The Story of the Birth of ‘Erotic Film Guide’ (1982/83):
An Issue by Issue Guide

The Story of the Birth of ‘Erotic Film Guide’ (1982/83): <br />An Issue by Issue Guide

‘Erotic Film Guide’ (1982 – 2006) was one of the longest-running and most colorful magazines to cover the adult film industry.

It was the product of two men who could hardly have been more different: David Zentner was a pornographer who spent time in a Japanese refugee camp in the Second World War and who died under mysterious circumstances. Jim Dawson is an award-winning music journalist and a renowned ‘fartologist.’

On this Rialto Report we look back at the lives of both men, and re-publish all issues from the first two years of the magazine’s life.

The issues include interviews with Vanessa Del Rio, Veronica Hart and Harry Reems, features on films such as Glitter, Maneaters and Cafe Flesh, and pictorals with Kandi Barbour, Lesllie Bovee, Pia Snow, and much more.

Fully digitized copies of each 1982 and 1983 magazine can be found in the article below. You can find The Rialto Report’s collection of digitized resources by choosing Library in our site menu. 

Click on the covers below to access the full magazines. Due to the fact that the magazines are scanned in high definition, allow time for each page to load. If you are viewing on a phone, view in landscape orientation.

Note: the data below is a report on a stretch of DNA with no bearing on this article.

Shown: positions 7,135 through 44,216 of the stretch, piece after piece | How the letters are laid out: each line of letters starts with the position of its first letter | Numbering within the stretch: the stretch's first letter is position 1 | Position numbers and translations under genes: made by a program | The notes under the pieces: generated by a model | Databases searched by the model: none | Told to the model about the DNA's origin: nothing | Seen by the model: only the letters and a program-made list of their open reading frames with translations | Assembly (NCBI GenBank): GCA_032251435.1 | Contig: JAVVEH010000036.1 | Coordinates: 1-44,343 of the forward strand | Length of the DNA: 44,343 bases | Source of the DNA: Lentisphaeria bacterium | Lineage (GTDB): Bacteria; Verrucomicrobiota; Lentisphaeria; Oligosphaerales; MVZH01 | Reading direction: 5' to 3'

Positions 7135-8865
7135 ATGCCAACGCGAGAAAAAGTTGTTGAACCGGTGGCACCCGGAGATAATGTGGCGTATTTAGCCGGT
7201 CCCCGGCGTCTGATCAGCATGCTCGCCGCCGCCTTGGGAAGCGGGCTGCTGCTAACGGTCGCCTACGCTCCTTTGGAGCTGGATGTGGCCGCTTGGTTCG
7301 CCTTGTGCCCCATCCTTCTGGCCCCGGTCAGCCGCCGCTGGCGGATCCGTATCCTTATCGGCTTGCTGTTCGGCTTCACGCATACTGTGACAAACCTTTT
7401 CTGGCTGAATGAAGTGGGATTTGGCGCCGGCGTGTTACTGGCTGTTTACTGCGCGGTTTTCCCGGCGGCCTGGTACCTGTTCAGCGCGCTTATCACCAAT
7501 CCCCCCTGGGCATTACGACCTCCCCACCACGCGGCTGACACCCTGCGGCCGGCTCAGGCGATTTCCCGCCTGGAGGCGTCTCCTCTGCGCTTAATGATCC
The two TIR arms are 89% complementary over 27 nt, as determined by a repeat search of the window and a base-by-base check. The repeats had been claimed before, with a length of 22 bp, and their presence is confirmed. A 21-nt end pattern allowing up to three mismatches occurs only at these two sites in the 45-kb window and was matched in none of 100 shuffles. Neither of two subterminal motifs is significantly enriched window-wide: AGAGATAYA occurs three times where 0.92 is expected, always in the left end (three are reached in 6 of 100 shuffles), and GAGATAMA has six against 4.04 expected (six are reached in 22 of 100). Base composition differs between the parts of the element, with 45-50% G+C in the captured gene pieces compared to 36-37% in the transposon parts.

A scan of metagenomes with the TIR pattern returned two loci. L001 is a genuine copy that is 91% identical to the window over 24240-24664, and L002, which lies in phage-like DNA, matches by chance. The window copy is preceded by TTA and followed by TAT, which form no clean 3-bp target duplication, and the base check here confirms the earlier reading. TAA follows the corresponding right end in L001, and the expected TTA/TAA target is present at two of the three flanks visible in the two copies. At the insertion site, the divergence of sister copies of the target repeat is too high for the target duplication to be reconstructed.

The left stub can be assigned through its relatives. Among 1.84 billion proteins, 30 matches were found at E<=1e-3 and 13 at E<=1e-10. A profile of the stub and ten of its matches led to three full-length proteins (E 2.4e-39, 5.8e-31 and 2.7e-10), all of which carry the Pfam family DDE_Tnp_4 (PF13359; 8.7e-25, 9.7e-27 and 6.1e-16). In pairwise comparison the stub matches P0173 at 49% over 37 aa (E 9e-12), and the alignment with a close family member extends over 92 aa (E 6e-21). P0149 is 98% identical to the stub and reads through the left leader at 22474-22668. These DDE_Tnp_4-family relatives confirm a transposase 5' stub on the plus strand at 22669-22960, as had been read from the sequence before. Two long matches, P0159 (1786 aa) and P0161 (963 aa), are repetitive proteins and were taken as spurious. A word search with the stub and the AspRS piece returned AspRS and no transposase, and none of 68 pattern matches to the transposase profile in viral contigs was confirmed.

Magazines are fully searchable; use the icon displayed in each magazine to search by keyword.

Publications are being shared here purely for the purpose of research. They should not to be used or reproduced for any commercial gain.

With thanks to Jim Dawson.

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David Zentner, and the birth of girlie magazines

Throughout his life, David Zentner attracted trouble like a myopic moth drawn to a flame. And most of the time, he only had himself to blame.

To be fair, that wasn’t always the case. Sometimes life just dealt him a tough hand. Take his early years: he was a Polish Jew during the Second World War, who escaped Nazi persecution by fleeing to Russia with his family. When anti-Semitism threatened to engulf them in Russia, they took an arduous train journey to China, where they settled in a Jewish enclave in Shanghai. A year later, they moved again, this time by boat to Kobe, Japan where they ended the war in a refugee camp. The only two silver linings to his lengthy flight? He was still alive, and he got hold of an immigrant visa to America.

In the U.S., David re-invented himself. The world owed him a break, so he embraced new-found freedoms with both arms. That meant earning money by producing sex magazines.

He settled in San Diego, and formed a publishing entity, D&L Company, with offices at 520 E St. that published racy productions such as ‘Bare’ and ‘Keyhole’. ‘Bare’ was a curious prototype: its first issue was released in April 1953, predating the launch of ‘Playboy’ by a full eight months. It was a distillation of David’s damaged world view: cheap black-and-white underwear pictorials accompanied by anti-communist exposés with outraged titles such as ‘Illegal Love Behind the Iron Curtain’ and ‘What Red G.I.s did to One Million European girls’. His magazines were new, brash, and illicit – and they raked in cash.

David Zentner

 

Bare